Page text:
By Sophie Norris
A gas engineer has been revealed as the unlikely ‘van door Banksy’ behind the moving tribute to World War One – with celeb attention finally making him ‘cool’ with his two daughters.
James Gibson, 43, gained national recognition for his drawing of the Battle of the Somme on the back of a Ford Transit van and claims the attention is ‘moving’ and ‘humbling’.
The dad-of-two has previously etched Anthony Joshua, Ed Sheeran along with Pennywise the clown from horror film It.
Despite his Somme portrait receiving more than 100,000 likes and shares, James says it when his Stormzy sketch was retweeted by the rapper himself that he finally became ‘cool’ to daughter Mollie, 15.
Now the illustrator receives requests from friends and local drivers for artwork on their own vans and claims he’s had to stop himself calling lorry companies to use their fleets.
James, from Harwich, Essex, said: “People don’t expect me to have an artistic streak, being a gas heating engineer.
“I decided to do this piece of Stormzy because my youngest daughter, Mollie, loves him. I did that on the back of my friend’s van to surprise her. She’s a massive fan.
“Mollie’s friends were like ‘Stormzy has retweeted your dad’. He’s her favourite artist. I think I was cool for once.
“The reaction was great. The response I’ve had is overwhelming from friends and family – it’s humbling.”
Last week, James created boxer David Haye on the request of a friend. What he didn’t expect was for the heavyweight champion to call him, applauding him for his talents and asking for more.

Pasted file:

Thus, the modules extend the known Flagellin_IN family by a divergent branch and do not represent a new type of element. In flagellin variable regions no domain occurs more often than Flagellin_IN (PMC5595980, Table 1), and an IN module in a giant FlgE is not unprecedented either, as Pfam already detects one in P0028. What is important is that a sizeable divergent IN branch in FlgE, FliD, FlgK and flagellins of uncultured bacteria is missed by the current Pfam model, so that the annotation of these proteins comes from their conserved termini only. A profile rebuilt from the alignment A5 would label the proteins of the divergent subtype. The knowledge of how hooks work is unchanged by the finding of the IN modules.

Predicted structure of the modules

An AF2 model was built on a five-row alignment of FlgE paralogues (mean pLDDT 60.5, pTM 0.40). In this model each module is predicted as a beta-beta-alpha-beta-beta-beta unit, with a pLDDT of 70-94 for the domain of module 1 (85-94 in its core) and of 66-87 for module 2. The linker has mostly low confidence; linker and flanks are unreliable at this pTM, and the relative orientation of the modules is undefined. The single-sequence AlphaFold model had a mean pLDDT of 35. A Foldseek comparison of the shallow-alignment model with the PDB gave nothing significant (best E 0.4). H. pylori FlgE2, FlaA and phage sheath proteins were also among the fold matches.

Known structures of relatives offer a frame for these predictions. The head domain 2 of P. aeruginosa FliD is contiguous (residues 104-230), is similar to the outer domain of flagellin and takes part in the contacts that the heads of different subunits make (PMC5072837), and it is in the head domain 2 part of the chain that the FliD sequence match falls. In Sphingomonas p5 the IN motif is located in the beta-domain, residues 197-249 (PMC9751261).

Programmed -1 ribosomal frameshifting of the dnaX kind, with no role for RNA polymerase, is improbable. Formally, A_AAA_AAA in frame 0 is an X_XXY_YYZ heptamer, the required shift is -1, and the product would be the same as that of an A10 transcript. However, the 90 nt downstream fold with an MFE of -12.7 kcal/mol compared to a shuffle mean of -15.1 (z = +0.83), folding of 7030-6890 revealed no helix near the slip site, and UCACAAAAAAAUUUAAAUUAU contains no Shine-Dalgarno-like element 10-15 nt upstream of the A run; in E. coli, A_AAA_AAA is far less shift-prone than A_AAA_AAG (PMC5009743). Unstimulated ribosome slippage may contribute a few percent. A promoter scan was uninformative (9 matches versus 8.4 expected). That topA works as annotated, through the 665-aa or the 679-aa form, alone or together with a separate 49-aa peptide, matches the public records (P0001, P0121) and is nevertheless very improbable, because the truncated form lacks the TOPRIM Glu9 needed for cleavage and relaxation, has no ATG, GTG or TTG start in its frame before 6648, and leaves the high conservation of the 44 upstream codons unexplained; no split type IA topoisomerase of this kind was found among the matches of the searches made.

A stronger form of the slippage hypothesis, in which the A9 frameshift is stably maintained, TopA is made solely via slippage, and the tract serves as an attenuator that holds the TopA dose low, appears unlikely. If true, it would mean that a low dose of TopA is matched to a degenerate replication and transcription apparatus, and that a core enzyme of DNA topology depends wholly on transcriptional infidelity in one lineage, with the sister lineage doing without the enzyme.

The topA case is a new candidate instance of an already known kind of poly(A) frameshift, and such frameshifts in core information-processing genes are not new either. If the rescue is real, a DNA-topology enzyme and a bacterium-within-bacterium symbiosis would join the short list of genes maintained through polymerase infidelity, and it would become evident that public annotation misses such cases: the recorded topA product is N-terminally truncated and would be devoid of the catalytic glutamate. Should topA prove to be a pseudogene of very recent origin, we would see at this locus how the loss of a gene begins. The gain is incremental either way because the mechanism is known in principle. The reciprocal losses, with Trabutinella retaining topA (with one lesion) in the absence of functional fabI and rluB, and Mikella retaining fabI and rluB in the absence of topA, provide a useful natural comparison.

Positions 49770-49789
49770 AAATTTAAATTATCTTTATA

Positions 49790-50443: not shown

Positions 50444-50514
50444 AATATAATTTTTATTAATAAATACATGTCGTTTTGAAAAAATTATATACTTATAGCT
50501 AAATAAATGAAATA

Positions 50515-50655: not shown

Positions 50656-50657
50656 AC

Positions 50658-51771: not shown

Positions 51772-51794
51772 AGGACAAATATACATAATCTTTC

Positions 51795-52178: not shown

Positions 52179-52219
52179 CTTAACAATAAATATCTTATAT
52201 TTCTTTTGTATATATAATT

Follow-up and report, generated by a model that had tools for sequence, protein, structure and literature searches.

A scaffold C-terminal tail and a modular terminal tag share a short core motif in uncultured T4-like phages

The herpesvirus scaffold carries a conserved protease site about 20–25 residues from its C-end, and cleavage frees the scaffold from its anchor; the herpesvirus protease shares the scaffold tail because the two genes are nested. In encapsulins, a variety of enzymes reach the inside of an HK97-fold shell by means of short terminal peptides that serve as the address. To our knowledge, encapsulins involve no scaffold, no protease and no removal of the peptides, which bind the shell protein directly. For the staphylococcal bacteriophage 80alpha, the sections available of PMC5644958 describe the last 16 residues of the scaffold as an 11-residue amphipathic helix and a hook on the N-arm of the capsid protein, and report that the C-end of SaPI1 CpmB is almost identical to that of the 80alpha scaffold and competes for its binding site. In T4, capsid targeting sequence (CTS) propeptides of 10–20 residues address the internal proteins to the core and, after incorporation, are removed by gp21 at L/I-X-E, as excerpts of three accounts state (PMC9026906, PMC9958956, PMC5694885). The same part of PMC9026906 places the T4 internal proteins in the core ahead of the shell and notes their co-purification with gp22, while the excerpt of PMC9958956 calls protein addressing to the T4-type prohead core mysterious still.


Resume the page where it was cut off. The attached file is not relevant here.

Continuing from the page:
James said: “Last week I did David Haye and I actually received a voice message from him saying he’d seen my work. That was quite impressive for him to acknowledge it.
“He literally said: ‘Hi James, it’s David. I’ve just seen the artwork you’ve done on the back of your van and you’ve got such a talent there. I look forward to seeing more in the future.’ It was quite moving.
“I want to do something positive with my artwork in the future. I want it to make others happy.
“I started doing the van art about a year ago after getting stuck in a traffic jam. Someone had drawn a smiley face on the back of a lorry and I thought ‘someone must have been in a good mood to have done that.
“I decided I’d give it a go and did Ed Sheeran. I did a few others early on but as I’ve continued they’ve become more detailed.
“I used to do them on my work van originally but then I got a different one and asked friends if I could use theirs instead. They’re enjoying it, having different art on them.
“When I first started doing it I think my neighbours thought I was mad. I’d just be standing there, staring at the back of my van for hours on end.
“I was behind a van recently and noticed how dirty it was and how amazing it would be to create something with it. I had to stop myself calling the number on the side.”
The humble sketcher generally spends no more than three hours on each piece of work and claims that as winter sets in, he is having to get faster for fear it might rain or even snow.
James’ most popular piece to date, his tribute to the Somme, took only two hours and was etched onto the back of a swimming pool company’s van.
James said: “The piece of work I’m most proud of the war scene because it was the most thought-provoking.
“I’ll typically spend two to three hours on each piece but as it gets colder, the adrenaline kicks in because my hands get so cold and I’m always wary it could rain.
“I’m into art in general – I’ve always loved it. But I like this kind of art most because it’s disposable. I know it’s there one minute then the next it could start raining and all be washed away.
“In the past, I’ve been drawing something on one of the vans and you’d just hear me shouting ‘nooo’ because it’d started pouring it down. Then it’s all washed away.
“I have some ideas for images I’d like to do soon, but I’ll stay away from anything political. It doesn’t take a lot to upset people these days so there’ll be no Trump unfortunately.”